07 February,2022 07:49 AM IST | Mumbai | Sonia Lulla
My favourite Lata Mangeshkar story is one that traces back to 2010. I was working with [AR] Rahman sir, and he was, at that time, working on the concept of 3D mapping. He was singing Luka chuppi on stage, live, with Lataji appearing on screen. She had shot the portions and re-sung the song at home against a white background, and we replicated a gigantic 3D [model] of her in a white saree to appear as though she was standing there, on stage. The visual was so powerful that I still get goosebumps thinking about it. At the time, YouTube was still picking up, so you don*t find those visuals today. It appeared like she was singing to her own son, which was impactful because it aligned with the story. It was called Jai Ho Journey Home, and was about a little kid who travels and [navigates obstacles] to get to his family. There was a mother-son story in between with Rahman sir standing in one corner and Lataji*s figure appearing at the other end, to sing the song together.
It was the coming together of great talents. Lataji has been among the legend of legends, and Rahman sir has always been the person leading the youngsters into the future. That is the most amazing moment of Lataji that I recall.
As told to Sonia Lulla
The first song that I sang on stage was Ae mere watan ke logo, which was her song. I remember, I had once spoken to her, and she congratulated me because she had loved [my] rendition of Ek Onkar. I couldn*t believe the fact that she was complimenting me. One phone call from her encouraged me so much. She was an institute for any singer. If you want to become a singer, she is the granth.
As told to Sonia Lulla
An important memory for me is the last song we worked on, which is the recently released Hum Hindustani. One of the last songs that she worked on was [one that] I was part of too. I consider it my good fortune that I am among the few privileged ones to have been blessed by her in the [last few days] of her life. It was among the debut songs of Padmini Kolhapure*s label. She is someone who always wore a blissful smile; jaise unme Daivi shakti thi. Her love for India reflected in her work. Yesterday was Saraswati Puja, and today she has left us. What she has given to this industry in unmatched. Her work will always teach people to love music, and be patriotic. For as long as one wants to learn music, her songs will always be available. Her songs, along with the compositions of her brother, are pieces that any aspiring musician can turn to for education. People always say that they want to sing like her, but no one says that they want to inculcate her habits, or have the kind of integrity that she had. People say she sacrificed herself by not marrying anyone. But that*s not her biggest sacrifice. She spent her life motivating people. She was active on Twitter, and even till the end, kept tweeting about important matters, and did so with intention. She was keen to have the next generation learn from her.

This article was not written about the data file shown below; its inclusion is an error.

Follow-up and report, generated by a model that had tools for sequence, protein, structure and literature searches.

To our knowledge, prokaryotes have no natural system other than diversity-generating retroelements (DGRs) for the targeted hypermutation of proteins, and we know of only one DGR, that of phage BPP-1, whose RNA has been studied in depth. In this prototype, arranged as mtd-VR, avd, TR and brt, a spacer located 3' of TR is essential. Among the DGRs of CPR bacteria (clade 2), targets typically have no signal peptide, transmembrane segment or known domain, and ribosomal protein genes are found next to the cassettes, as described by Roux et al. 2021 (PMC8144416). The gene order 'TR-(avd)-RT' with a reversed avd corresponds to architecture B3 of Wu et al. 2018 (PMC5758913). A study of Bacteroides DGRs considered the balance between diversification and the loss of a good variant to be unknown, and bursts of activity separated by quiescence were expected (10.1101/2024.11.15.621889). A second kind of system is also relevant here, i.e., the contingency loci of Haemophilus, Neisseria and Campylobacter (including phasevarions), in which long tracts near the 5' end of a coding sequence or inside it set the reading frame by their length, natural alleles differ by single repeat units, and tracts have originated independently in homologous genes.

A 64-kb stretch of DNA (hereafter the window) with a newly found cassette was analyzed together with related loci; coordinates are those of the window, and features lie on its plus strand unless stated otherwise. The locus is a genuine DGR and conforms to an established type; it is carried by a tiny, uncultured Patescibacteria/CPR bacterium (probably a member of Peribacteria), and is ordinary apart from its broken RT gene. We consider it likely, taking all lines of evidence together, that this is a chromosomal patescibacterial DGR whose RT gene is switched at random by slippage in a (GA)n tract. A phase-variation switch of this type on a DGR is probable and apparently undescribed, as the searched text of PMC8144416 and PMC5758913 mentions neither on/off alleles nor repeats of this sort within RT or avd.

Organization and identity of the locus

As told to Sonia Lulla
The news of her demise has shaken me up. I have worked with Lataji extensively. Every song we did together, right from Oh oh janane jana, to Dekho zara dekho, people have liked our work. I don*t think there is any other musician in the world who had as diverse an experience as she did. I will remember her for her warmth and kindness. She has taught me a lot about the technique of playback singing. On days when I was unsure, she was a pillar of strength. Every word of praise from her is empowering for a singer who is starting off. [Interacting with her] is an experience that enriches you, and elevates your craft. This is a loss for the music community across the globe. She might not be around but what she leaves behind is a rich repertoire of songs.
As told to Mohar Basu
Did you know
>> In 1999, the legend served as a Member of Parliament from 1999 to 2005. She reportedly described it as an unhappy tenure.
>> Lata Mangeshkar composed music for some Marathi films under the pseudonym, Anandghan.
>> Earlier, the Filmfare Awards did not have a category for best playback singer. The category was introduced in 1958 after Lata Mangeshkar*s protest.
>> She holds the record for being the oldest national Film Award winner for best playback singer (female). At 61, she bagged the award - her third National Award - for Lekin (1990).
>> On January 27, 1963, Lata Mangeshkar sang Ae mere watan ke logon at Ram Lila Maidan in New Delhi, in the presence of India*s first Prime Minister, Jawaharlal Nehru. Though nervous to perform on such short notice, she was told by Nehru that her rendition moved him to tears.